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Hero's Homecoming for Afghan Medallist
Rohullah Nekpai (right) with other taekwondo medalists in London, August 2012. (Photo: London 2012)
Afghanistan’s only medal-winner at the London Olympics is delighted with the universal welcome he has received on arriving home, although he bemoans the scant resources available for sports.
Rohullah Nekpai won bronze in taekwondo, repeating his success in Beijing in 2008. He is proud to have won Afghanistan’s first and second Olympic medals.
“I’ve rewritten the history of sport in my country,” he told IWPR. “I took part in the London Olympics on behalf of my 30 million fellow-Afghans.”
When the six-member Afghan team returned to Kabul on August 14, they were met by cheering crowds. Two weeks later, President Hamid Karzai conferred the highest civilian award, the Ghazi Mohammad Akbar Khan Medal, on Nekpai.
In places as far away as Paktia in the south, Afghans watched Nekpai on TV as he defeated Britain’s Martin Stamper. One fan, Abdul Ghani, described how he and his fellow-Pashtuns were so excited that they got up and launched into the “atan”, a traditional dance, to celebrate.
He told IWPR that he wished Afghanistan had ten people like Nekpai instead of countless warlords and “so-called mujahedin leaders”.
Nekpai is aware he has become a symbol of national unity.
“I am certain that sportsmen who represent Afghanistan in international competitions can bring peace and harmony to the country. When people acquire national pride, they forget discord,” he said.
An ethnic Hazara, he identifies himself with the whole nation.
“I am not Hazara, Tajik, Pashtun or Uzbek. I am Afghan and I belong to all the Afghans, because they all supported me, and everyone welcomed me when I returned to Afghanistan with my medal,” he said. “I am proud that every Afghan, regardless of ethnic background, loves me and smiles at me when I walk through the city. I dedicate my achievements and medals to all my fellow-citizens.”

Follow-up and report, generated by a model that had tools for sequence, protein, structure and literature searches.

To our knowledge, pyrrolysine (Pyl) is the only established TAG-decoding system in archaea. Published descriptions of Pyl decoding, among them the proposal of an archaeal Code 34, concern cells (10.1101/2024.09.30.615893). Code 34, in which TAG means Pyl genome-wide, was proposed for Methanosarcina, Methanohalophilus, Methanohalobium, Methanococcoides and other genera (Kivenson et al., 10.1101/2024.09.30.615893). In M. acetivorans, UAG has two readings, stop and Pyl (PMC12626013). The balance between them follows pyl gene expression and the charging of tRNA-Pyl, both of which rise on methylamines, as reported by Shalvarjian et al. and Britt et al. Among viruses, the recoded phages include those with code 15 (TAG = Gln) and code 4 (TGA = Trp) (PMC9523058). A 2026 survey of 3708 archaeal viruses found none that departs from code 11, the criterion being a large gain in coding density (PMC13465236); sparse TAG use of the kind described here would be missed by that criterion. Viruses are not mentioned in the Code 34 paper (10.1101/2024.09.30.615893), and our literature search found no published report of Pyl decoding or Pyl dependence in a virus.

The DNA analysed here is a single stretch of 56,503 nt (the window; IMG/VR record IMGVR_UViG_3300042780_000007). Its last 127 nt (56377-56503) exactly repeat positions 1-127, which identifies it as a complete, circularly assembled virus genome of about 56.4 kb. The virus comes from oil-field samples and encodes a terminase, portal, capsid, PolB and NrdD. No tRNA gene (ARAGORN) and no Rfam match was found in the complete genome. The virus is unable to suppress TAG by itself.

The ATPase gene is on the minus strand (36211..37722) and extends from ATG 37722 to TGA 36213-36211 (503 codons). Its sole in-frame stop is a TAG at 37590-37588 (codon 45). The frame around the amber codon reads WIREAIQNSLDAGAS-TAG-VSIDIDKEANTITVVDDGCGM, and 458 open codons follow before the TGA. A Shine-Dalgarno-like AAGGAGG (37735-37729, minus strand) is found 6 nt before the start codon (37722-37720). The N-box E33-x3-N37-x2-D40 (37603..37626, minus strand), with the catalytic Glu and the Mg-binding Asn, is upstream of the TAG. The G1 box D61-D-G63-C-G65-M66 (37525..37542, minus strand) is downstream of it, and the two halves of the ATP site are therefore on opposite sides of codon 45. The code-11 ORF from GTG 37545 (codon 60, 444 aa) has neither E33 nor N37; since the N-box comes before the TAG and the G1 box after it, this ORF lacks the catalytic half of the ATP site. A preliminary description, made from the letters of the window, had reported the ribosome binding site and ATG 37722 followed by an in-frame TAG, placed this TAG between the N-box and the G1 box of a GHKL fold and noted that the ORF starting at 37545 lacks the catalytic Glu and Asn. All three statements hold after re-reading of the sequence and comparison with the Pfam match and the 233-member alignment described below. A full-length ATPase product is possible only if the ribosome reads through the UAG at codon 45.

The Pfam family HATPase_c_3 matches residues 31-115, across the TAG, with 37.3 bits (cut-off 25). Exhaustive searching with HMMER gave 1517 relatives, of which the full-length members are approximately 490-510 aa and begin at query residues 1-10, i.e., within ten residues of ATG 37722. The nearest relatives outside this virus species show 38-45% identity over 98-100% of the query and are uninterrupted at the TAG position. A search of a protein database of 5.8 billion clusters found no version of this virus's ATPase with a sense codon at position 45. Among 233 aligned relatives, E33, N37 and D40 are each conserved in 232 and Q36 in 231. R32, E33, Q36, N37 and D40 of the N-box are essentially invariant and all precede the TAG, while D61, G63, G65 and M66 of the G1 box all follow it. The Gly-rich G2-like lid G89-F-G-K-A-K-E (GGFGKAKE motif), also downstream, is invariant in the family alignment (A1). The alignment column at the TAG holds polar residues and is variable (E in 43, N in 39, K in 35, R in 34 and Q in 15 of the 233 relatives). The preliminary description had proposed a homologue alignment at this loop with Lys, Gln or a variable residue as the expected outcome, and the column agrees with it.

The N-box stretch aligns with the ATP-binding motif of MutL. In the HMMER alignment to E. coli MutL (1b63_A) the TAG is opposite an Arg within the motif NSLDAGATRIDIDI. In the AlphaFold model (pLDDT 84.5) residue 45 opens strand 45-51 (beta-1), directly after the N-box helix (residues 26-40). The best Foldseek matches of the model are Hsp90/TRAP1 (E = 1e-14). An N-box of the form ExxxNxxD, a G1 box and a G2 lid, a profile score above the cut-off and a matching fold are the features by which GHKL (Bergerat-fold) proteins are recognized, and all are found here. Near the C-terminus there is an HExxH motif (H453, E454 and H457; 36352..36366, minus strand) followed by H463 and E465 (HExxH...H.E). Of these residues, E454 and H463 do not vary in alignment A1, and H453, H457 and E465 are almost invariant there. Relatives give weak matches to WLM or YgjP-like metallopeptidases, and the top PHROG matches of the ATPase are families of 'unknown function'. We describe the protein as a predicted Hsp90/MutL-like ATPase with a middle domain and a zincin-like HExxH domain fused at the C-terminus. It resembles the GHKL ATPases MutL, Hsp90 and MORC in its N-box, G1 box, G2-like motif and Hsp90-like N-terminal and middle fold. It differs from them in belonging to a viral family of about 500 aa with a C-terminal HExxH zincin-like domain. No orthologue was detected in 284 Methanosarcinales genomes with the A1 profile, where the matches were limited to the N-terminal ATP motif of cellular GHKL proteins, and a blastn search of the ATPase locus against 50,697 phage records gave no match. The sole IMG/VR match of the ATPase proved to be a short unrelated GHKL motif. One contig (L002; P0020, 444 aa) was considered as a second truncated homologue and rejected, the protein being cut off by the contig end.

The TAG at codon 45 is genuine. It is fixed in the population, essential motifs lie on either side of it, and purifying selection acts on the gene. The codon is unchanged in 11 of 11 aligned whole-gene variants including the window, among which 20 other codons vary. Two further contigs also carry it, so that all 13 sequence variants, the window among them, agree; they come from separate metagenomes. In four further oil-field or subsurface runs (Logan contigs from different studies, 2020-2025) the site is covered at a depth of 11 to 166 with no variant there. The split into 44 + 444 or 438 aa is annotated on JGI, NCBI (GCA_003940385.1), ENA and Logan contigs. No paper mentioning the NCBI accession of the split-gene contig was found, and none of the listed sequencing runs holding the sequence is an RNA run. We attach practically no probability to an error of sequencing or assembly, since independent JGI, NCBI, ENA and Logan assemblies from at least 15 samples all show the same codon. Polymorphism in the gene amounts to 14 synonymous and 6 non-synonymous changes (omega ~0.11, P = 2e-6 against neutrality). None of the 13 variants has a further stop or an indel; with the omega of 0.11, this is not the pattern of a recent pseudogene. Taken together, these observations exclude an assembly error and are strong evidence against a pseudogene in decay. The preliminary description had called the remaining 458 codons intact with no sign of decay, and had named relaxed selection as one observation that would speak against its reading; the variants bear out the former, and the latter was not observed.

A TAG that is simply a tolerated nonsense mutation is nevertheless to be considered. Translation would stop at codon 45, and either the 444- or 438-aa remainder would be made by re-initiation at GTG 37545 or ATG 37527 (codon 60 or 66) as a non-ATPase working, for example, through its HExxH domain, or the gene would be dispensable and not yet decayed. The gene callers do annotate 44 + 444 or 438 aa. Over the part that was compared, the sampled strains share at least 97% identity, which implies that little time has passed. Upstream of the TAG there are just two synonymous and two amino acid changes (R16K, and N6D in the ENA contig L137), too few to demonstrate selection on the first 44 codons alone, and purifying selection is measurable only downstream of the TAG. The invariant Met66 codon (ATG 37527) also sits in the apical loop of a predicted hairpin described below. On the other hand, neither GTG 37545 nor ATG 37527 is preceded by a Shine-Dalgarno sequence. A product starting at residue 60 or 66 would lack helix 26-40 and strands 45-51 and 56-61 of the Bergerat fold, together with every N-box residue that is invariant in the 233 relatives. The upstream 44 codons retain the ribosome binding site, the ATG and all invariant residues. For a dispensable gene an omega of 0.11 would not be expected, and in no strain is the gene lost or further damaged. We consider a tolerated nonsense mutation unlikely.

Mari, a Kabul-based journalist, warned others against portraying this Olympian success in ethnic terms, saying, “My message to Nekpai is that he belongs to the entire country and not to one ethnic group, and he should not be exploited by the agendas of those who have brought only misery to every Afghan.”
Now 25, Nekpai took up taekwondo at the age of ten while living in the capital Kabul. He says he was inspired by watching martial arts films and also because his older brother was into taekwondo.
His family left Kabul after civil war broke out in 1992, and lived as refugees in Iran for many years. Nekpai returned to Kabul in 2004, and began training in earnest. Taekwondo had been made an Olympic sport in 2000, and he was determined to compete in the games.
Despite the praise showered on him by the authorities, Nekpai remains critical of the limited support and funding that Afghan athletes get from the government and private benefactors.
“The facilities the government provides aren’t adequate to allow Afghan sportsmen to take part in the Olympics,” he said. “I’m a professional sportsman but my monthly wage is only three-and-a-half dollars, which isn’t enough even to cover one hour’s exercise programme. And even that only gets paid one month out of every three.”
As well as money problems, he said, there was no provision of sports gear and nutrition even for those aiming for the Olympics. The national Olympic committee, he said, offered help only in the months leading up to the competition, instead of ensuring that athletes could train for the full four years between games.
Nekpai’s trainer, Bashir Taraki, agreed that praise from President Karzai was not enough – the state also needed to provide adequate funding.
On the London games themselves, Taraki was critical of the way judges awarded victory to Iran’s Mohammad Bagheri Motamed, who defeated Nekpai and won silver.
“We raised objections but no one heeded us,” he said, noting that the matter was left at that in order to avoid creating trouble for Afghan competitors in future contests.
Nekpai, whom Taraki describes as a role model for other Afghan athletes, is uncertain how to proceed, since he has relied on his family’s limited financial means so far.
“Right now, I don’t know what the future holds for me,” he said. “I am thinking of pursuing higher education in sports abroad.”
His goal remains clear, though: “My aim is to win gold in taekwondo and bring even greater pride to my country.”
Hafizullah Gardesh is IWPR’s Afghanistan editor. Mina Habib is an IWPR-trained contributor in Kabul.
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